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things, know them daily on the evidence of my
senses and experience; when I know that the
Ruffian never jostles a lady in the street, or
knocks a hat off, but in order that the Thief
may profit, is it surprising that I should require
from those who are paid to know these things,
prevention of them?

Look at this group at a street corner.
Number one is a shirking fellow of five-and-
twenty, in an ill-favoured and ill-savoured suit,
his trousers of corduroy, his coat of some
indiscernible ground-work for the deposition of
grease, his neckerchief like an eel, his
complexion like dirty dough, his mangy fur cap
pulled low upon his beetle brows to hide
the prison cut of his hair. His hands are
in his pockets. He puts them there when
they are idle, as naturally as in other people's
pockets when they are busy, for he knows
that they are not roughened by work, and
that they tell a tale. Hence, whenever he takes
one out to draw a sleeve across his nosewhich
is often, for he has weak eyes and a constitutional
cold in his headhe restores it to its
pocket immediately afterwards. Number two
is a burly brute of five-and-thirty, in a tall
stiff hat; is a composite as to his clothes of
betting man and fighting man; is whiskered;
has a staring pin in his breast, along with his
right hand; has insolent and cruel eyes; large
shoulders; strong legs, booted and tipped for
kicking. Number three is forty years of age;
is short, thick-set, strong, and bow-legged;
wears knee cords and white stockings, a very
long-sleeved waistcoat, a very large
neckerchief doubled or trebled round his throat,
and a crumpled white hat crowns his ghastly
parchment face. This fellow looks like an
executed postboy of other days, cut down
from the gallows too soon, and restored and
preserved by express diabolical agency.
Numbers five, six, and seven, are hulking, idle,
slouching young men, patched and shabby, too
short in the sleeves and too tight in the legs,
slimily clothed, foul-spoken, repulsive wretches
inside and out. In all the party there obtains
a certain twitching character of mouth and
furtiveness of eye, that hints how the coward is
lurking under the bully. The hint is quite
correct, for they are a slinking sneaking set,
far more prone to lie down on their backs and
kick out, when in difficulty, than to make a
stand for it. (This may account for the street
mud on the backs of Numbers five, six, and
seven, being much fresher than the stale splashes
on their legs.)

These engaging gentry a Police-constable
stands contemplating. His Station, with a Re-
serve of assistance, is very near at hand. They
cannot pretend to any trade, not even to be
porters or messengers. It would be idle if
they did, for he knows them, and they know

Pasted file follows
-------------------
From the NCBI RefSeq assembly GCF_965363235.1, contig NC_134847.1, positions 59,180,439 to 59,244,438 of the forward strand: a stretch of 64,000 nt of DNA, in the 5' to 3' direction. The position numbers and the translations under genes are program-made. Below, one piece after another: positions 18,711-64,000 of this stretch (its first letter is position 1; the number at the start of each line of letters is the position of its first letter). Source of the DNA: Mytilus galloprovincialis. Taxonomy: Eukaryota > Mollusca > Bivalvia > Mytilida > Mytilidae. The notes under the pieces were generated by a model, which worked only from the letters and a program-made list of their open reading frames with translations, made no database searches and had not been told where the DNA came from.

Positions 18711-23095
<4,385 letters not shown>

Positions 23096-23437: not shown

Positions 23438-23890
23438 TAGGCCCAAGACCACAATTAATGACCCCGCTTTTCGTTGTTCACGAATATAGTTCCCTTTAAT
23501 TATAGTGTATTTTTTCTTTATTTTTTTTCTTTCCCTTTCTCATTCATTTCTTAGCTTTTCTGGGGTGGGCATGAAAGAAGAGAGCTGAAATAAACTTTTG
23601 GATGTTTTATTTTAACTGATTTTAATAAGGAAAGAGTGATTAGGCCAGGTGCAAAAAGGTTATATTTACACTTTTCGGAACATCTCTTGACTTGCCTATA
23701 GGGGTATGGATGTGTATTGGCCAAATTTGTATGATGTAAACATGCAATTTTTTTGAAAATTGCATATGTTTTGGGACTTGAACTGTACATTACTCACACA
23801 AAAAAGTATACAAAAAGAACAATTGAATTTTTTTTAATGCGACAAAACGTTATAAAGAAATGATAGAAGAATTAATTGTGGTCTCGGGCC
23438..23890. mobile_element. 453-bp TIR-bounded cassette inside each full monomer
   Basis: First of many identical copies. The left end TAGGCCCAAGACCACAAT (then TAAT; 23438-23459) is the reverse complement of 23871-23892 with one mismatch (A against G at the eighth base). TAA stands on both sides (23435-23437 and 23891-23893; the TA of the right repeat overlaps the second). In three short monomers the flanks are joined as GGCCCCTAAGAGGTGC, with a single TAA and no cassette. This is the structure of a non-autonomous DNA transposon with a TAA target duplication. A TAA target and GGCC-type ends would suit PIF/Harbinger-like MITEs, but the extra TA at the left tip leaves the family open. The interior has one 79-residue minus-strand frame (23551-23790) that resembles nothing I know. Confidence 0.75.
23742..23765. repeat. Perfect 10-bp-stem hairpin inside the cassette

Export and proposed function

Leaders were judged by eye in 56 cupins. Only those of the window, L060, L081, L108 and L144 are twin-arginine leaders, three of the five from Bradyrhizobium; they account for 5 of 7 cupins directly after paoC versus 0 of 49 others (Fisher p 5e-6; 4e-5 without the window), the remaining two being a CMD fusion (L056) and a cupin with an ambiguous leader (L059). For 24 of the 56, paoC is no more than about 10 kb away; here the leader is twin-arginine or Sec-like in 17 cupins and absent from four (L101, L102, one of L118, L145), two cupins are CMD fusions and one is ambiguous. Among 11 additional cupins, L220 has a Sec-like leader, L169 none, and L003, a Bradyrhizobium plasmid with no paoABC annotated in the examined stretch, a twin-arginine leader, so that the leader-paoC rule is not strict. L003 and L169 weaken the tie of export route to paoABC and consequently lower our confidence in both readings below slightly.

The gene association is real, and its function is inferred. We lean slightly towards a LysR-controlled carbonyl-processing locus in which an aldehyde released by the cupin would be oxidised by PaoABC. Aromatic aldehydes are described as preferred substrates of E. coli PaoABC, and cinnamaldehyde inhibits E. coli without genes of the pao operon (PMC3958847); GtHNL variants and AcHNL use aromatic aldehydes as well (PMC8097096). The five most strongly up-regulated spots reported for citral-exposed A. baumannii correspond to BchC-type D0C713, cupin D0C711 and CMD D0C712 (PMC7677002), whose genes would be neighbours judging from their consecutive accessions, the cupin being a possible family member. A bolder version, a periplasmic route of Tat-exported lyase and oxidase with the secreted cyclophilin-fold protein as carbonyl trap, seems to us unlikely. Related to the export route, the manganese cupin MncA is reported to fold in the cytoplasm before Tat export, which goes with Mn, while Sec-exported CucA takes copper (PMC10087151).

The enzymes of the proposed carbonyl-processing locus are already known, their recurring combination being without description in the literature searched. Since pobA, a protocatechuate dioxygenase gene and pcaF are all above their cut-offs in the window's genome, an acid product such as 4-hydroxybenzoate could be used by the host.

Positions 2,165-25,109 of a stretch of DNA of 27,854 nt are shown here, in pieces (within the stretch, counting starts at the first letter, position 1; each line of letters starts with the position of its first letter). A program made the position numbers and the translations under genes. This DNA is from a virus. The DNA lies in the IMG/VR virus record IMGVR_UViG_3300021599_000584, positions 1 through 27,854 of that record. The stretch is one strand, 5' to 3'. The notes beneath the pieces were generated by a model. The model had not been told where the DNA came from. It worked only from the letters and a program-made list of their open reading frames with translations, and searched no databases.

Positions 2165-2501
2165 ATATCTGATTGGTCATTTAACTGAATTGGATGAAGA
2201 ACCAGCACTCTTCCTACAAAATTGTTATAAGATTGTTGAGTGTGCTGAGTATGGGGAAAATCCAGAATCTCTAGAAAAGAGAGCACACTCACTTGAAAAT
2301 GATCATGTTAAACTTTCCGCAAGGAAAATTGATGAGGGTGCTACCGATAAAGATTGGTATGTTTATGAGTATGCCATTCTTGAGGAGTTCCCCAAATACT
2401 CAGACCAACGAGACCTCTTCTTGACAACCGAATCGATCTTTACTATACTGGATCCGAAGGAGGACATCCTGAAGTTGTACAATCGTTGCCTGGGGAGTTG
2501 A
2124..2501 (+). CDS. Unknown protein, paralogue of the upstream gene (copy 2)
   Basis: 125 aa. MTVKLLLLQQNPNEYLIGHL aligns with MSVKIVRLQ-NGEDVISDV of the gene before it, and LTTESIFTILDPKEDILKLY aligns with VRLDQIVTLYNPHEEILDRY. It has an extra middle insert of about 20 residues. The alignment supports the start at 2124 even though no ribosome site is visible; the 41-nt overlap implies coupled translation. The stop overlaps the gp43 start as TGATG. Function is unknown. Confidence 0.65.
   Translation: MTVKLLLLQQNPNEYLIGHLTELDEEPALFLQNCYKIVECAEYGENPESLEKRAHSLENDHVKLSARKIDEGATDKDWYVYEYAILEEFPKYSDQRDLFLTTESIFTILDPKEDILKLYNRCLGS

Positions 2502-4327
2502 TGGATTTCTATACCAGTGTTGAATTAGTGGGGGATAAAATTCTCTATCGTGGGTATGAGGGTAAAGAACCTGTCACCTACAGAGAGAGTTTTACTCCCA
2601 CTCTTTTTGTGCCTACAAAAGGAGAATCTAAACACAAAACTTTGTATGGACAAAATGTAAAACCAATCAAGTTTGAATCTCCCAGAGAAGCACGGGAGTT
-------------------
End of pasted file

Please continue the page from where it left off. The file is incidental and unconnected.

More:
that he knows them, to be nothing but
professed Thieves and Ruffians. He knows where
they resort, knows by what slang names they call
one another, knows how often they have been in
prison, and how long, and for what. All this is
known at his Station, too, and is (or ought to
be) known at Scotland Yard, too. But does he
know, or does his Station know, or does
Scotland Yard know, or does anybody know,
why these fellows should be here at liberty,
when, as reputed Thieves to whom a whole
Division of Police could swear, they might
all be under lock and key at hard labour?
Not he; truly he would be a wise man if he
did! He only knows that these are members
of the " notorious gang," which, according
to the newspaper Police-office reports of this
last past September, " have so long infested"
the awful solitudes of the Waterloo Road, and
out of which almost impregnable fastnesses the
Police have at length dragged Two, to the
unspeakable admiration of all good civilians.

The consequences of this contemplative habit
on the part of the Executivea habit to be
looked for in a hermit, but not in a Police
Systemare familiar to us all. The Ruffian
becomes one of the established orders of the
body politic. Under the playful name of Rough
(as if he were merely a practical joker) his
movements and successes are recorded on
public occasions. Whether he mustered in large
numbers, or small; whether he was in good
spirits, or depressed; whether he turned his
generous exertions to very prosperous account,
or Fortune was against him; whether he was
in a sanguinary mood, or robbed with amiable
horse play and a gracious consideration for life
and limb; all this is chronicled as if he were
an Institution. Is there any city in Europe,
out of England, in which these terms are held
with the pests of Society? Or in which, at this
day, such violent robberies from the person are
constantly committed as in London?

The Preparatory Schools of Ruffianism are
similarly borne with. The young Ruffians of
Londonnot Thieves yet, but training for
scholarships and fellowships in the Criminal
Court Universitiesmolest quiet people and
their property, to an extent that is hardly
credible. The throwing of stones in the streets
has become a dangerous and destructive offence,
which surely could have got to no greater
height though we had had no Police but our
own riding-whips and walking-sticksthe
Police to which I myself appeal on these oc-
casions. The throwing of stones at the
windows of railway carriages in motion an act of
wanton wickedness with the very Arch-Fiend's
hand in ithad become a crying evil, when the
railway companies forced it on Police notice.
Constabular contemplation had until then been
the order of the day.

Within these twelve months, there arose
among the young gentlemen of London
aspiring to Ruffianism, and cultivating that much
encouraged social art, a facetious cry of " I'll
have this!" accompanied with a clutch at some
article of a passing lady's dress. I have known
a lady's veil to be thus humourously torn from
her face and carried off in the open streets at
noon; and I have had the honour of myself
giving chase, on Westminster Bridge, to another